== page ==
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Phelps takes it easy, records tumble

MICHAEL Phelps was unconcerned about posting only the second fastest time in morning heats for the 200-meter freestyle at the world championships in Rome yesterday.

Paul Biedermann of Germany beat the swimmer who won a record eight gold medals at last year's Beijing Olympics. Phelps won the final heat, but Biedermann's time in the previous heat was faster.

"That's fine. I'll be in the first heat tonight," Phelps said, looking ahead to the evening semifinals.

Three championship records were set in other events - by Gemma Spofforth of Britain in the women's 100-meter backstroke, Rebecca Soni of the United States in the 100 breaststroke and Aschwin Wildeboer of Spain in the men's 100 back.

Six world records were set on Sunday on the opening day of swimming at the Foro Italico, with this likely the last meet where bodysuits made of 100 percent polyurethane will be permitted.

Olympic silver medalist Matt Grevers barely qualified for the semifinals in the 100 back in 16th position after his TYR swimsuit split apart just before he jumped in the pool.

"I didn't completely freak out but definitely I was conscious of it," Grevers said, showing a two-inch rip by his lower back. "Luckily I made it in. Hopefully I'll do better tonight."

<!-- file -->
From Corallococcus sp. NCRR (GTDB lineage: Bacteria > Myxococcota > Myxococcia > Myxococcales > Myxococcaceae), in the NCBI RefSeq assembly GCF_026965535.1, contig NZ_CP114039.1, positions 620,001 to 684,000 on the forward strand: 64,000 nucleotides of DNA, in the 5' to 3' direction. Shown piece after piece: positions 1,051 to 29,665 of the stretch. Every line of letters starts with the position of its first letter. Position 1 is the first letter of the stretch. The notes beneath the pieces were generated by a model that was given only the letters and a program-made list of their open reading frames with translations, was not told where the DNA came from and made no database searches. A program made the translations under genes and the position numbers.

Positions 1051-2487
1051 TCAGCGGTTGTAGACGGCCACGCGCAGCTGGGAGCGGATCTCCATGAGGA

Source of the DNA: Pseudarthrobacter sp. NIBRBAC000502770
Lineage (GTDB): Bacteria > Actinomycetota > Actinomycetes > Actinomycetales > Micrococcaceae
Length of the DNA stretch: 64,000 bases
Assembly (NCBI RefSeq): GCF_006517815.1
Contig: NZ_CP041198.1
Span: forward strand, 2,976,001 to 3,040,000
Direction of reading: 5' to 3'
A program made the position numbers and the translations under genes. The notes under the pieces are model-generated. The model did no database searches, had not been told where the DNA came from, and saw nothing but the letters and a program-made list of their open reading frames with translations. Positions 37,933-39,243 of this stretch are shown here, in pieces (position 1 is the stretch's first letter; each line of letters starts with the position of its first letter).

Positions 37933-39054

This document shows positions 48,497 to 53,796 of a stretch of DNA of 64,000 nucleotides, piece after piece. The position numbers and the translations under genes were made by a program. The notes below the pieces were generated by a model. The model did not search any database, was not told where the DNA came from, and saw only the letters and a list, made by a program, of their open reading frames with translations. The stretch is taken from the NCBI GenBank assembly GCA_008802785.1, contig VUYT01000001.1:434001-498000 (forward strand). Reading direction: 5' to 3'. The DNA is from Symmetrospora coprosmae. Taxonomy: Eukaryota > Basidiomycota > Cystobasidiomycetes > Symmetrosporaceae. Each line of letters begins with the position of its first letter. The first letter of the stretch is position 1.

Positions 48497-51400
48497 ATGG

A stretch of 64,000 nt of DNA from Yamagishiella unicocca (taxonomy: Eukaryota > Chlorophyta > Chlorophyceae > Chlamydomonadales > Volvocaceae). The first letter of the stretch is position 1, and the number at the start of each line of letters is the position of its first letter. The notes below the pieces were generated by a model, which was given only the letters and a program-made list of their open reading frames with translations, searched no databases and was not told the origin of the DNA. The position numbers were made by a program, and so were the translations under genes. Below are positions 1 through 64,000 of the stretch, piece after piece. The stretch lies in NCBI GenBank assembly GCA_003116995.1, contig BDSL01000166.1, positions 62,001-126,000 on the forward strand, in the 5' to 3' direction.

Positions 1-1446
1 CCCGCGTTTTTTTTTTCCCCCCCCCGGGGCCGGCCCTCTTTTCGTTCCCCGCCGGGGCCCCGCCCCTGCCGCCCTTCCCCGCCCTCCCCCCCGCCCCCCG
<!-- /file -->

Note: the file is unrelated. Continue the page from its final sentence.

Biedermann won the 200 free heats in 1 minute, 45.30 seconds. Swimming his first individual event, Phelps clocked 1:45.60, and Danila Izotov of Russia qualified third in 1:45.86.

Phelps holds the world record of 1:42.96 set at the Beijing Olympics.

Olympic silver medalist Park Tae-hwan of South Korea qualified eighth, after missing the final of the event he won in Beijing - the 400 free. Biedermann broke Ian Thorpe's seven-year-old 400 free world record on Sunday.

Phelps also won his first gold on the opening day in the pool, swimming the leadoff leg for the Americans in the 400 free relay.

"That felt really good coming off the relay. It felt really controlled for a morning swim," Phelps said. "We noticed yesterday that all the guys were swimming faster in the morning, so you have to kind of step up in the morning."

Biedermann doesn't have any designs on beating Phelps when it counts - in today's final.

"I don't think it's going to be much of a duel at all," the German said. "He's a very good racer. I think he looked really relaxed this morning. From looking at the time he's in really great shape."

Still, Phelps was impressed with Biedermann's swim in the 400.

"I still can't believe the 400 free got broken. I thought that was the best record on the book," Phelps said.

"It was crazy to see that go, but people are swimming fast. You usually don't see that in a post-Olympic year, but it's good for the sport. It makes it more exciting."


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